Figure 1.

A 6-year-old boy with (A) left side swelling over the lacrimal sac area; (B) large areas of necrosis, hemorrhage, and islands of poorly differentiated squamous cell carcinoma (hematoxylin–eosin stain, original magnification ×100); and (C) higher magnification of the same (hematoxylin–eosin stain, original magnification ×400).

(A) Axial computed tomography (CT) image shows necrotic soft tissue mass at the medial canthus of the left orbit centered at the lacrimal fossa. Underlying bone was normal. (B) Follow-up CT (pre-chemotherapy) shows marked progressive enlargement of the mass with destruction of underlying lamina papyracea and its extension into the adjacent anterior ethmoid air cells. The globe shows lateral dystopia. (C) Follow-up CT (9 weeks after starting neoadjuvant chemotherapy) shows excellent response, indicated by significant size reduction.

Figure 2.

(A) Axial computed tomography (CT) image shows necrotic soft tissue mass at the medial canthus of the left orbit centered at the lacrimal fossa. Underlying bone was normal. (B) Follow-up CT (pre-chemotherapy) shows marked progressive enlargement of the mass with destruction of underlying lamina papyracea and its extension into the adjacent anterior ethmoid air cells. The globe shows lateral dystopia. (C) Follow-up CT (9 weeks after starting neoadjuvant chemotherapy) shows excellent response, indicated by significant size reduction.

Because malignancy was suspected, a fine needle aspiration biopsy was performed and it revealed a poorly differentiated tumor. The incisional biopsy performed showed large areas of necrosis, hemorrhage, and islands of poorly differentiated squamous cell carcinoma on histopathological examination (Figures 1B–1C). A diagnosis of lacrimal sac squamous cell carcinoma was made. However, after biopsy, there was a rapid increase in tumor size. A repeat contrast-enhanced CT scan of the orbit and paranasal sinuses showed a remarkable increase in the tumor's dimensions, with extension into the posterior orbit and adjacent anterior ethmoid air cells (Figure 2B).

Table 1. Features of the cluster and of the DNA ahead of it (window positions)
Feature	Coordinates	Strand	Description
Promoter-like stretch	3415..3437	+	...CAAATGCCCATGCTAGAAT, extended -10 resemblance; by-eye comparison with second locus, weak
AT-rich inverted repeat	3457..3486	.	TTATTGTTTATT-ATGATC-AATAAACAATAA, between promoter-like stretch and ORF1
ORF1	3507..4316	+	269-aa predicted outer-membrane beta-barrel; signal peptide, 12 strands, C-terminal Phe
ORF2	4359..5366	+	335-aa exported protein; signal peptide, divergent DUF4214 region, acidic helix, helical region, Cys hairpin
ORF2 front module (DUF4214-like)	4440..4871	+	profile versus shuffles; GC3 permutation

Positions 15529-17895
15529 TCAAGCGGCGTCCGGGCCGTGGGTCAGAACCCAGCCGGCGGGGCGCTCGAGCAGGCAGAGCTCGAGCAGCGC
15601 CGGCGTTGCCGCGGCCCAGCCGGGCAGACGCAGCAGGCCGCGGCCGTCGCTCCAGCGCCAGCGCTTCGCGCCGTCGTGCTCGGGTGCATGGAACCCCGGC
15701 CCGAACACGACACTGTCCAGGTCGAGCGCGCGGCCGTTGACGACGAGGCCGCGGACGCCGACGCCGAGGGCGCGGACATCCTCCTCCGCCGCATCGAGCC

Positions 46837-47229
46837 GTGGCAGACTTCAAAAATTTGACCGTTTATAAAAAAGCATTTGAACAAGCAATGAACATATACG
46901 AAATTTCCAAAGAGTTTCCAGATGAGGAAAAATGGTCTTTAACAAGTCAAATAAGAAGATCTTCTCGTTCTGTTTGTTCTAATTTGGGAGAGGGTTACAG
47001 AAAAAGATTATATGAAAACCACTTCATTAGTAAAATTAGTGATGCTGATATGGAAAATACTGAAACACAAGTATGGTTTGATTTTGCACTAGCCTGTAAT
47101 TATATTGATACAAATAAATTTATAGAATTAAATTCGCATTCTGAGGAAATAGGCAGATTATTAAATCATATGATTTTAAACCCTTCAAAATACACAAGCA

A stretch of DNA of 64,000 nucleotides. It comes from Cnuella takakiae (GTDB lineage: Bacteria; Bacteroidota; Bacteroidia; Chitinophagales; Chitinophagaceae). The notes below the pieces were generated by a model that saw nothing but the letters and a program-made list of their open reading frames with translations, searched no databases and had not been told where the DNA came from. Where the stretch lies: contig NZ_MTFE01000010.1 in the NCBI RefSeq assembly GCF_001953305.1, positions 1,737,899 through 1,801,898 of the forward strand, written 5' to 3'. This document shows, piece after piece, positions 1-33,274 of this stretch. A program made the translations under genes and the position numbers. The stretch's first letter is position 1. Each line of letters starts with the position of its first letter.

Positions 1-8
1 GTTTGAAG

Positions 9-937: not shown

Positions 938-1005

In view of the extensive disease, neoadjuvant chemotherapy was initiated with paclitaxel (200 mg/m2) and carboplatin (using Calvert's formula) for three cycles. A good clinical response was noted initially, with an 80% reduction in tumor size and resolution of cervical lymphadenopathy (Figure 2C). However, the response was not sustained and the disease progressed after three treatment cycles. The patient's therapy was changed to ifosfamide (1.8 mg/m2 days 1 to 5) for two cycles. However, due to continued disease progression, his therapy was changed again to a four-drug oral metronomic regimen that included daily celecoxib and thalidomide alternating with etoposide and cyclophosphamide, and local radiotherapy was advised with palliative intent. However, the child died.

Discussion

With approximately 775 cases of lacrimal sac tumors reported in the literature to date, 60% to 94% are primary and epithelial in origin. Approximately 40% to 90% of reported cases are malignant and have a mortality rate of 13.6% to 37.5% and a recurrence rate of 23% to 41%.1–8 In one case series, lymph node metastasis was reported in 27% and lung and esophagus metastasis in 9% of cases.6 Fatality in lacrimal sac malignancies correlates to the tumor extent and type. Tumors extending beyond the sac are associated with a higher mortality rate. Papillary carcinoma has a good survival prognosis, whereas transitional cell carcinoma is associated with the worst survival prognosis.3